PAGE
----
Thus she compared the American seed and nursery catalog with English lists or catalogs, and seemed most content only when American gardening catalogs resembled those published by the English.



An English Park Inspired Olmsted’s Central Park’s Design

In  1826 the English gardener Joseph Paxton (1803-1865) became head-gardener at Chatsworth, an early classic English garden, still visited by thousands every year.

Paxton also designed England’s first public park, Birkenhead Park, which opened in 1847.

America’s Frederick Law Olmsted visited Birkenhead in the spring of 1851,  before his design of  Central Park would take America by storm.

Bill Bryson wrote in his book At Home: “Olmsted was enchanted. The quality of landscape design ‘had here reached a perfection that I had never before dreamed of,’ he recalled in Words and Talks of an American Farmer in England, his popular account of the trip. At that time, many people in New York were actively pressing for a decent public park for the city, and this, thought Olmsted, was the very park they needed.”

Central Park in New York

Today Central Park stands as America’s premier public park, designed along the lines of the picturesque, romantic English park style of the nineteenth century.




Victorian Garden Fashion Included a Banana Plant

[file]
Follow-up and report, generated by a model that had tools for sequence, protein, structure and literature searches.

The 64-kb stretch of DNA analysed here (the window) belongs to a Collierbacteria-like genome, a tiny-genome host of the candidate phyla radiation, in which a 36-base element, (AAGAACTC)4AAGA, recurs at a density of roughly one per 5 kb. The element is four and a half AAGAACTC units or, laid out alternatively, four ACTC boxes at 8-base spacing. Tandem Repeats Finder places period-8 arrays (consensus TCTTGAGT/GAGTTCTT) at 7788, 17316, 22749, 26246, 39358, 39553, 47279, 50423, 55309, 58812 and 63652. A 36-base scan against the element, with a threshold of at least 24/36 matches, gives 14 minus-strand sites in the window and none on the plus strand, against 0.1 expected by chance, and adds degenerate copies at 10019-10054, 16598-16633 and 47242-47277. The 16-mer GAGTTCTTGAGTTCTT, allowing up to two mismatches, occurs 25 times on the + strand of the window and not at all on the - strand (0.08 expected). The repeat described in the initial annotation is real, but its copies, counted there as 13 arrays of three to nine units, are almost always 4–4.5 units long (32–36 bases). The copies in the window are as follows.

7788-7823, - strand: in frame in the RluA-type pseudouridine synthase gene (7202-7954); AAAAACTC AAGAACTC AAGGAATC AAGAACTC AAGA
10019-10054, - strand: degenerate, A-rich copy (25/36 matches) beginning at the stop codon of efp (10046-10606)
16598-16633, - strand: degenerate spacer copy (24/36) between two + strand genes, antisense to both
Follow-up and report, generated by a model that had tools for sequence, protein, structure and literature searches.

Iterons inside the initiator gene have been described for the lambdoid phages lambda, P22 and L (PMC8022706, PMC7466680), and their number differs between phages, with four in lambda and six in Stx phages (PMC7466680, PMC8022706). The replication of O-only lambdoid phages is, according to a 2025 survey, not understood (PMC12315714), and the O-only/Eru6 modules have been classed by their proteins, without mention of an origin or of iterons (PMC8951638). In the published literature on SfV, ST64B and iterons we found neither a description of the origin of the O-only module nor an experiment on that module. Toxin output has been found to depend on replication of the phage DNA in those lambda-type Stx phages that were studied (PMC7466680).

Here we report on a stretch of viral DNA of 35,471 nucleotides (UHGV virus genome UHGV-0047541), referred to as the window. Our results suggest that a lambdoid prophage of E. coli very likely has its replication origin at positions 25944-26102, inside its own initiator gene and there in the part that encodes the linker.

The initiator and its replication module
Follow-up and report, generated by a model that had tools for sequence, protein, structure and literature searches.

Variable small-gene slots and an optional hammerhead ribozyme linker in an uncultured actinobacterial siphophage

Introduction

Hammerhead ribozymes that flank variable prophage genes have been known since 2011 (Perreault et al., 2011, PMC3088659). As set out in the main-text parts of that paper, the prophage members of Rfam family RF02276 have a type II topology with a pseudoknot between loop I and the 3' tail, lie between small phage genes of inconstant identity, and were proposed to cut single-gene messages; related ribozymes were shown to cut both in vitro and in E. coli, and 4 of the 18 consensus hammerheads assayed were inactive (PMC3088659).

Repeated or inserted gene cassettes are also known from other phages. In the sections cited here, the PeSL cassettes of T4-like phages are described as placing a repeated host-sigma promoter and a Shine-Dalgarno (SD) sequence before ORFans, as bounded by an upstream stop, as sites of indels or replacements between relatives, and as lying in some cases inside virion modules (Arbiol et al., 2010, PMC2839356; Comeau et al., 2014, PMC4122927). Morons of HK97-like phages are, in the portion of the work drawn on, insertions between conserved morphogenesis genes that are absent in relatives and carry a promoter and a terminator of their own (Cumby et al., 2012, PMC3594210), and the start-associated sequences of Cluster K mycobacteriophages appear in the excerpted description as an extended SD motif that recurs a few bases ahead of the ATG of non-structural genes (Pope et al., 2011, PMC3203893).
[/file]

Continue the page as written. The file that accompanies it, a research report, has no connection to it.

New plants have always been fashionable in the garden.

The nineteenth century was no exception.

When plant explorers to Africa, Asia, and South America brought back new plants, sometimes tropical, it was not unusual for them to appear in the gardens of England, and then America.


The Dreer catalog of 1888 included this image of a banana in a landscape.

The Deer catalog  [above] promoted the Victorian landscape fashion, with carpet beds on the lawn, but also the new Musa plant, or tropical banana.

Musa  ensete, in the words of the catalog “the noblest of all plants”, became the latest fad.  The catalog said, “During the hot summer, when planted out, it grows rapidly, and attains gigantic proportions, producing a tropical effect on the lawn, terrace, or flower garden.”

In the late nineteenth century the gardens of both England and America displayed the new banana plant.

What are your favorite new plants?


Carpet Bedding Became More Popular in America than England

Rochester, New York  seedsman James Vick (1818-1882) often wrote in both his catalog and magazine about carpet bedding. In fact, outside his seed company offices he had a bed of annuals on the lawn that formed the name ‘Vick’.

As a popular form of Victorian gardening, carpet bedding swept the country.